• Run workshops where we teach other people to do the creative things we can do.
  • Choose toys or possessions we no longer want. Modify them in creative ways. Give them away or sell them to promote creativity.
  • Have creative construction challenge days with different materials or construction toys each day.
  • Create songs, poems and stories about what it is like to be gifted and creative, and what the creative things are that we like to do. Exchange them with other gifted children in another country.
  • Invent more creative games that we can play. Include creative construction tasks within the games.
  • Invent a creative tool or technique to help us be more creative – a bit like metacognition, but maybe we can call metacreation instead. Maybe it could generate steps for different styles of creativity or different creative products, or it could weld ideas together. Then, s-l-o-w-l-y send it round the countries like a Chinese whisper, but have them change it on purpose, to see what comes up next.
  • Create a cumulative drawing and have gifted students add to it all around the country. Maybe use digital art and share all the steps online.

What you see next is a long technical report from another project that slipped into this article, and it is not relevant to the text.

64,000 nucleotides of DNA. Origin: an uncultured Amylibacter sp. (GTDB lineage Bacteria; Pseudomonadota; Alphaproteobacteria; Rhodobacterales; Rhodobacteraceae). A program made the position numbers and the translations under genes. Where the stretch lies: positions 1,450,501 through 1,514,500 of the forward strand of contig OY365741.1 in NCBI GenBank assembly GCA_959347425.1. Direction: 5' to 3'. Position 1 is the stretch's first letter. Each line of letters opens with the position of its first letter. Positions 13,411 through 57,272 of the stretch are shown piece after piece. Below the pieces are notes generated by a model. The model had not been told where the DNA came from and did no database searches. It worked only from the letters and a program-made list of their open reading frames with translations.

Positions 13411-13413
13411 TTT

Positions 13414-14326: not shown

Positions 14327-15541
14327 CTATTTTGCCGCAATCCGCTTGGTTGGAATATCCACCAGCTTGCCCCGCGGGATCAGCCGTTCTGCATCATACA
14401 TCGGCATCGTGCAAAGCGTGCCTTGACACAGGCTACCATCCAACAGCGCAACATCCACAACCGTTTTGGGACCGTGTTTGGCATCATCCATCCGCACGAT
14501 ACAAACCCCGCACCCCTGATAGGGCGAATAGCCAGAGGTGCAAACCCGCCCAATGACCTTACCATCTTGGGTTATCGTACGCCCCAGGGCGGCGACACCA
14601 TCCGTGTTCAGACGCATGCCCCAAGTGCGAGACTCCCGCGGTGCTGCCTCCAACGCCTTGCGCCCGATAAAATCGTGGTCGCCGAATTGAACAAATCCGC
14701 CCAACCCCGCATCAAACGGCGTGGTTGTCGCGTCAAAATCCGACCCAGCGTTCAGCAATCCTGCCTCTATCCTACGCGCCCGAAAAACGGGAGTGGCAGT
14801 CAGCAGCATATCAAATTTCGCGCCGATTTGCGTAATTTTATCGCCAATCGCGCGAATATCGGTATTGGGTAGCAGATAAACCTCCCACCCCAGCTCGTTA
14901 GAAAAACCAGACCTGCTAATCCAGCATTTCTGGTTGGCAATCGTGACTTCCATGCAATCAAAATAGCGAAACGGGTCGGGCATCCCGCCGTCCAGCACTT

• Collect photos of gifted students from all around New Zealand. Or photograph hands or use handprints instead of showing faces. Make all the photographs into a collage, or the word “gifted”, or a banner.
  • Have a photo or drawing competition and make a collage with all the entries.
  • Photograph our pets, creative work, classrooms, or local scenery and exchange photos with kids at a gifted programme in another country.
  • Make gifted awareness videos that are parodies of well known videos. Have a video competition.
  • Have creative writing challenges. “What if?” stories. Science fiction stories. Claymation based on our science fiction stories. Stories including ideas like how knowledge changes, and whether we could change the past to improve the future.
  • Plant trees and flowers all over your neighbourhood. Get gifted children all around the world to do the same. Be smart enough to save the planet!

Change things at school:

  • Have a whole week of One Day School.
  • Have four days each week at One Day School and one day each week at regular school.
  • Have a bring-a-friend day at your gifted programme.
  • Have a bring-a-teacher day at your gifted programme. Bring a teacher from regular school.